Hand Made Luxury Shaving accessories by Rodney Neep

 

MAKING A VERY LARGE
SEGMENTED SHAVING BRUSH

RR2 
(Production #1240)

Stages in the making of a shaving brush

No mass production. Each brush is individually hand crafted. Every one of them is different.



 


Another challenge! .The customer wanted a huge handled shaving brush made in three segments of Ivory resin and a special resin embedded with acorn shells.

The basic dimensions specified were:

  • Handle height 120mm
  • Three segments of 40mm 
  • Brush knot: 30mm Extra Dense Silvertip Badger

A long piece of square section of the acorn shell resin (yes, they are real acorn shells) has been bored out to 30mm diameter to accept the large extra silvertip knot, and is ready to be mounted on my special brush handle turning screw chuck.
Mounted on the screw chuck in the wood turning lathe, and with a revolving centre in the tailstock for support... and ready to be turned to a round shape.
Turned round. Note that one of the acorn shells has popped out of the resin near the centre. This isn't going to be easy.
The top end of the handle has been turned down at an angle, and a start has been made on the concave section just below the top. Another acorn shell has partly popped out of the resin.
The top concave section turned down to 34mm diameter, leaving just 2mm wall thickness to the knot hole. Final shaping of this top segment can be done later. The top section 40mm long is being parted off.
With the top section of the handle still mounted in the screw chuck, it has now been mounted in the engineering lathe to turn a dead square shoulder, and a tenon that will fit into a hole in centre ivory section of the handle. It is essential that the shoulder is dead square for it to be glued to the ivory resin.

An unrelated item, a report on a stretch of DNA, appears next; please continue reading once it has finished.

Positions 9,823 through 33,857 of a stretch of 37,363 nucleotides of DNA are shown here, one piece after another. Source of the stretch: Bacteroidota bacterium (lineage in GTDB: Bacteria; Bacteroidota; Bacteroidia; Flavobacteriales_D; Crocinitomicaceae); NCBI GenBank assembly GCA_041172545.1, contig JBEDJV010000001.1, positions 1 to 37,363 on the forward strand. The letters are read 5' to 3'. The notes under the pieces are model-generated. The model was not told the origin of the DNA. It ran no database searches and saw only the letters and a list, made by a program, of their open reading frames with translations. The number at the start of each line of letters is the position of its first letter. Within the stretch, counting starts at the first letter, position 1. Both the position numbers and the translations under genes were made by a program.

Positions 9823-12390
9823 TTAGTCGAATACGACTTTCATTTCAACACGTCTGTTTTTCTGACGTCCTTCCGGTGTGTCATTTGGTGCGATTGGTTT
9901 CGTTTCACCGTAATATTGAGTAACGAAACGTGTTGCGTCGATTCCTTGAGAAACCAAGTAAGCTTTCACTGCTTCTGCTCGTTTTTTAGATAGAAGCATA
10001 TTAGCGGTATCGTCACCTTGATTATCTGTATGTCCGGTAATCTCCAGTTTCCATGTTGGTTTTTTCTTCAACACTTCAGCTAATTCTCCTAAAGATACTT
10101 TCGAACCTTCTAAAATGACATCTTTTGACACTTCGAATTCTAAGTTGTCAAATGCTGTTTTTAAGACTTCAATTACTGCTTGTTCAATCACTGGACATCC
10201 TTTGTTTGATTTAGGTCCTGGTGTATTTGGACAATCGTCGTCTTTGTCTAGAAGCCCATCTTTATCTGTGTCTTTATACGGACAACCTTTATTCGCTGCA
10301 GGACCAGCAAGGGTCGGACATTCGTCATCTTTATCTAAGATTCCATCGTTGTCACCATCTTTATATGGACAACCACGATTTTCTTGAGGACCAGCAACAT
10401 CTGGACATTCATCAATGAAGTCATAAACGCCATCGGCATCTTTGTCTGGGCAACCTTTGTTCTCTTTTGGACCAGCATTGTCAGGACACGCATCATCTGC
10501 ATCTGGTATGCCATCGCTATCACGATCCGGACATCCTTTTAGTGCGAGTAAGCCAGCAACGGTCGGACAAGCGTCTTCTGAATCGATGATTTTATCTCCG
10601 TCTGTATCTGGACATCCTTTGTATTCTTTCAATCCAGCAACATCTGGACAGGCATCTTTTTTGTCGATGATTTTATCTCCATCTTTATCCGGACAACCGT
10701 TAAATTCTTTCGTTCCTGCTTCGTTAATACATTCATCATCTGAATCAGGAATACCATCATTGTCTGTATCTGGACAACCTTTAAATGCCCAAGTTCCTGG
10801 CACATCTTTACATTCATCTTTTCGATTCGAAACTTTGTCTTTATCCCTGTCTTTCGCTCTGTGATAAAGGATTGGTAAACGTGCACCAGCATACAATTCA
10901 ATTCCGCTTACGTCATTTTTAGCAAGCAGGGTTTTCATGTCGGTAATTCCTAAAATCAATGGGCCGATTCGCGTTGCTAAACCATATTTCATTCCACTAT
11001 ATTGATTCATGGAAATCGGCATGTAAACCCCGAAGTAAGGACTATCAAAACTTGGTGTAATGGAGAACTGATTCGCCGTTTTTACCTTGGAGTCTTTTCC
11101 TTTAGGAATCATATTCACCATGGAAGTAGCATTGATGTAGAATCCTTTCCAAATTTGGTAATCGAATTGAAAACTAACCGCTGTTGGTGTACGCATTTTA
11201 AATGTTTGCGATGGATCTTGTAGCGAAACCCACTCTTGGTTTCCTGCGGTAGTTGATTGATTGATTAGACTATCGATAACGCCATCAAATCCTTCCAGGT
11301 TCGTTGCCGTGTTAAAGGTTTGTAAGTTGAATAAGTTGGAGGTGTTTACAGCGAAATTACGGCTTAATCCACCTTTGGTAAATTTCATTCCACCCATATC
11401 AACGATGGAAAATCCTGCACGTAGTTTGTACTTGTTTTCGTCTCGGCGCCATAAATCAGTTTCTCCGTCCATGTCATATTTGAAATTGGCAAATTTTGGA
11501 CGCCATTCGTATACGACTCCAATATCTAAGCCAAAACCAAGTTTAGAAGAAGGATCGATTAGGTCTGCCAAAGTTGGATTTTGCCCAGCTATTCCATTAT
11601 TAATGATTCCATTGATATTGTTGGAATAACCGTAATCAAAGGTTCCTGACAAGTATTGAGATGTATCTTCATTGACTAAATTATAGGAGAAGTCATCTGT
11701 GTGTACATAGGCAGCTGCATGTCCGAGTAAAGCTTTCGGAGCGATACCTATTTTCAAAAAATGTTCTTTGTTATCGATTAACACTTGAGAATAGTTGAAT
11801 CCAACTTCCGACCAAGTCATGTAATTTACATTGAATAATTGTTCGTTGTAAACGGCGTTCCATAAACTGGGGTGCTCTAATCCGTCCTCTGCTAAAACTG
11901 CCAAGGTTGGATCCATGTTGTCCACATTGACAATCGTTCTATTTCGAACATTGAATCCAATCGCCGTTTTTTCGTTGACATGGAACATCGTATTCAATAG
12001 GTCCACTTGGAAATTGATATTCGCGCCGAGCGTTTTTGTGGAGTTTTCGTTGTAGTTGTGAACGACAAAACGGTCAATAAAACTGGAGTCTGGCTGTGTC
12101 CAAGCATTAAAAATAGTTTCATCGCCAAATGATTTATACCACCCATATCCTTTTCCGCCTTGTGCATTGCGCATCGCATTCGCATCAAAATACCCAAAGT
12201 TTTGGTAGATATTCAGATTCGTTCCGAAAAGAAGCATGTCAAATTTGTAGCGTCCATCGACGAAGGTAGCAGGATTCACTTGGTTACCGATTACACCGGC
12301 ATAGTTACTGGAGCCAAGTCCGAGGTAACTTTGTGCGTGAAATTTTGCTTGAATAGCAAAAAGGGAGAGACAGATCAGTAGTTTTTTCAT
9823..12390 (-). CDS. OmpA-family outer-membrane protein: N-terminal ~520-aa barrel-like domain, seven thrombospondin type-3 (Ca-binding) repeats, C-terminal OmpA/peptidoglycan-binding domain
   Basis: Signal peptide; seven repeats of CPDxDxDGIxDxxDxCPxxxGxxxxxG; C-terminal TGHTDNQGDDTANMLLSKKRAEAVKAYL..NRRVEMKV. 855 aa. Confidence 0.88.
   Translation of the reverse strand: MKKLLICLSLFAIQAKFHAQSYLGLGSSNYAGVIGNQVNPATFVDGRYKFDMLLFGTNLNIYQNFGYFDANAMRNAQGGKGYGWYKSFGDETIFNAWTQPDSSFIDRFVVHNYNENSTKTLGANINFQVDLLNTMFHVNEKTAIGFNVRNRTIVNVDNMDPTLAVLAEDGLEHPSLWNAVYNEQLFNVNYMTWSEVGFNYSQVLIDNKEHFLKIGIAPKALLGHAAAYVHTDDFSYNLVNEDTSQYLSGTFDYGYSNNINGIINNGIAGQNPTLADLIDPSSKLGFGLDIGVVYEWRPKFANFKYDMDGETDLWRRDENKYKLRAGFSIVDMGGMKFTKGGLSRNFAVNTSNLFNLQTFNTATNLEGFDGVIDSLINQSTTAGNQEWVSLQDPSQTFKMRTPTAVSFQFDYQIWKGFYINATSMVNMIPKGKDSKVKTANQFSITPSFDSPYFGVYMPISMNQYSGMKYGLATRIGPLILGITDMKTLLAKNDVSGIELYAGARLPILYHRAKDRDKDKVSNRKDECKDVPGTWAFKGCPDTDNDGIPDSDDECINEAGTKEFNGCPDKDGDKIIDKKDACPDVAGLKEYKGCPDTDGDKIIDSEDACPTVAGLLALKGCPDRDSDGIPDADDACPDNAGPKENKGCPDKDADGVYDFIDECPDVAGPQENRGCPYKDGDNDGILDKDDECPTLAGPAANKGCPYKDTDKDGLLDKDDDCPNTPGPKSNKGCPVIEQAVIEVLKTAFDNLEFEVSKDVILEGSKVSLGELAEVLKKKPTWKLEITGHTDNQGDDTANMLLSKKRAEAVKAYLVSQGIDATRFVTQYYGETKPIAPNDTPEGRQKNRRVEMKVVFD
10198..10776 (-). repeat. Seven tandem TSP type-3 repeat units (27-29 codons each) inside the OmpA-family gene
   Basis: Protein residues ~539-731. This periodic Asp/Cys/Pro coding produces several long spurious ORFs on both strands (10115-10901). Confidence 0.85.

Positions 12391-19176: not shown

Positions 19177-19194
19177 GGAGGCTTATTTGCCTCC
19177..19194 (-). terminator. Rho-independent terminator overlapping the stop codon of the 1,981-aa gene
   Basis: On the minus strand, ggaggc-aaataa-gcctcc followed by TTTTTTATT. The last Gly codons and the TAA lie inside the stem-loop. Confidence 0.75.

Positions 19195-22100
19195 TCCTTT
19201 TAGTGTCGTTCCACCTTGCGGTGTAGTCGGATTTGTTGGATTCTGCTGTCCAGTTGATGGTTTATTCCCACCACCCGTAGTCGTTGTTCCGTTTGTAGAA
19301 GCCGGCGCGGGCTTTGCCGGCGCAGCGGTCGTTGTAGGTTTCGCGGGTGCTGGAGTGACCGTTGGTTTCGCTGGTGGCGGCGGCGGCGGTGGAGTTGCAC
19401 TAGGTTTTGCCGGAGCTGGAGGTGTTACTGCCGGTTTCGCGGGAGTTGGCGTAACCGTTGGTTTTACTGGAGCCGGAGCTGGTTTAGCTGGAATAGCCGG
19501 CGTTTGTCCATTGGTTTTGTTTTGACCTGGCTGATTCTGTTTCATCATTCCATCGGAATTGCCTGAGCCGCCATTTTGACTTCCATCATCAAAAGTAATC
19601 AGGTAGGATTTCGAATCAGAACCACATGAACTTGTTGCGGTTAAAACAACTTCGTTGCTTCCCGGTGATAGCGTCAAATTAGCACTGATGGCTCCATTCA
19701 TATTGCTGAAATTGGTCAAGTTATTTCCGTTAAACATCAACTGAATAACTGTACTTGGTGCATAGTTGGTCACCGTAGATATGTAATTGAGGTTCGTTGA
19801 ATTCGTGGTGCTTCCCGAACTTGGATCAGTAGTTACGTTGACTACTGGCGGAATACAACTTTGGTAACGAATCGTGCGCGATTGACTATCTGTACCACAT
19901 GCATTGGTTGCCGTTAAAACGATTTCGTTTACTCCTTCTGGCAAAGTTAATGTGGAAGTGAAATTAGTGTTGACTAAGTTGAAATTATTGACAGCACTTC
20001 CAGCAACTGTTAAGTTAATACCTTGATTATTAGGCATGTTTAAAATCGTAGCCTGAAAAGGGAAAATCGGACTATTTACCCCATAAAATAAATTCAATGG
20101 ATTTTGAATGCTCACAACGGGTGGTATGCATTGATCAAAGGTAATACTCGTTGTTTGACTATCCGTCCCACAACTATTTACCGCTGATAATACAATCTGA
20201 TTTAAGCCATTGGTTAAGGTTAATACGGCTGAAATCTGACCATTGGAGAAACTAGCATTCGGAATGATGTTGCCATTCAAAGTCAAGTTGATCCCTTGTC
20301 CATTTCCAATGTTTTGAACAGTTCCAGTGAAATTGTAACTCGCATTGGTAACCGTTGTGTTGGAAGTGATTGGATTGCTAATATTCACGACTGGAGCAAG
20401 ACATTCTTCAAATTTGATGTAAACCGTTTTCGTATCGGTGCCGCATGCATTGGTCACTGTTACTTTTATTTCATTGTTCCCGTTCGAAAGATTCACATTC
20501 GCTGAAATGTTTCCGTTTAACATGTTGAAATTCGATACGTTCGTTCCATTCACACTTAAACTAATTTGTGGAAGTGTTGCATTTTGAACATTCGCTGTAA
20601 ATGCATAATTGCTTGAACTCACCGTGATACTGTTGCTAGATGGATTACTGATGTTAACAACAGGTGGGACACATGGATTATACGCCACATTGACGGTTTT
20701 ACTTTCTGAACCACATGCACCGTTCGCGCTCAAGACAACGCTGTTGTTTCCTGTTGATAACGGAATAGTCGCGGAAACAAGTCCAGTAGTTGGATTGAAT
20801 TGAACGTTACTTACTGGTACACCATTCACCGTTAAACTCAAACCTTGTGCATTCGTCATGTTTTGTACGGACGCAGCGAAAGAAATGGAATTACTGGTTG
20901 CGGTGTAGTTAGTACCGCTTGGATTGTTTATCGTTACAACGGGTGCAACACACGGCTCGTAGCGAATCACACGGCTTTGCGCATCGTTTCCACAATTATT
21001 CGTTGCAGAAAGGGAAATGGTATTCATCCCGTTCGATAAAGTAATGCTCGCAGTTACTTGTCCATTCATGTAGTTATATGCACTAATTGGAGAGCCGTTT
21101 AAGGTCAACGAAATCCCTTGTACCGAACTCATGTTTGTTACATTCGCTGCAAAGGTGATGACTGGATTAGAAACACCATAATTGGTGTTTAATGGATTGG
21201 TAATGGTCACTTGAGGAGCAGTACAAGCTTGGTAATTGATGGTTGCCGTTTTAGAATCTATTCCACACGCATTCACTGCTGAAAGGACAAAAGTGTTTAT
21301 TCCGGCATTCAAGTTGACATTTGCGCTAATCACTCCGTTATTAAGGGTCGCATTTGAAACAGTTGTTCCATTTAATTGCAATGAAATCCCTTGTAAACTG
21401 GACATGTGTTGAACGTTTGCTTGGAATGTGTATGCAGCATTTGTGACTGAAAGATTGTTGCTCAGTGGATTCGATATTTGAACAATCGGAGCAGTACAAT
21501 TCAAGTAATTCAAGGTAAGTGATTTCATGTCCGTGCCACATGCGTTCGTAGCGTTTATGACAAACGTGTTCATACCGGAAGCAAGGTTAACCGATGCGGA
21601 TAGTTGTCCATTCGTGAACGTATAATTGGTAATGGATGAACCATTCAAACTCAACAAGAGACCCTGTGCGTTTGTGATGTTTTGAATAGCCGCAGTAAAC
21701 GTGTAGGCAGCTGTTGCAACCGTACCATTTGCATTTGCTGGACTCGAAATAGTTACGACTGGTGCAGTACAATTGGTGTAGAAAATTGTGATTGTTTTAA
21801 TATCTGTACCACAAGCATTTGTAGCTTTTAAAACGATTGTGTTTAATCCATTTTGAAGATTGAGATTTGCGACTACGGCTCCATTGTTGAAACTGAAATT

The other section of the acorn shell resin in the engineering lathe, with the end faced square, and a short 20mm hole drilled in the end, into which a tenon on the ivory section will fit.
Next, the centre ivory section is mounted in the engineering lathe, and a tenon and square shoulder turned on one end. You can see now where it will be glued into the acorn shell resin.
The other end of the ivory resin has been turned down to be exactly 40mm long, the end faced at right angles, and a 20mm hole drilled to accept the top end of the brush.
The engineering part done. From the left, the top of the brush handle (still in the screw chuck to preserve alignment), the centre section of ivory resin with a hole in the left hand end and a tenon on the right end.... and the (still over-length) base section of the handle.
Mounted back in the wood turning lathe, but still not get glued together. Note the perfect joints from the machining on the engineering lathe. There is no way that such perfect joints could be made on the wood turning lathe with hand tools.
The centre ivory resin section will be turned with two balls and a raised ridge between them. This photo shows the possible alignment of the two balls. We shall see how this turns out, as the balls will need to be turned by hand and eye. Effectively, I might move the balls a little further apart, and blend them into the acorn resin sections avoiding making the handle too thin at these points.

Now we start roughing out the shape of each segment
The centre of some of the acorns are popping out from the shells. I am going to have to work around those
... and the centre of another acorn pops out near the base.
First stage sanding

A little more sanding is necessary to get below those places where the centre of acorns have popped out.

I have marked a line at 40mm long for this segment where the base will be parted off. That should take care of the missing bit of acorn on the edge

The base has been turned down, leaving a tiny stub where it is supported by the tailstock, and now the handle has been sanded down to 2,000 grit, ready for the finish to be applied.

 

 

The finished brush.

30mm Extra Silvertip badger knot.

 

Acrylic finish coat has been applied, and the handle final sanded and polished
A large brush in the hand

 


 

 

 


Copyright 2012 Rodney Neep All Rights Reserved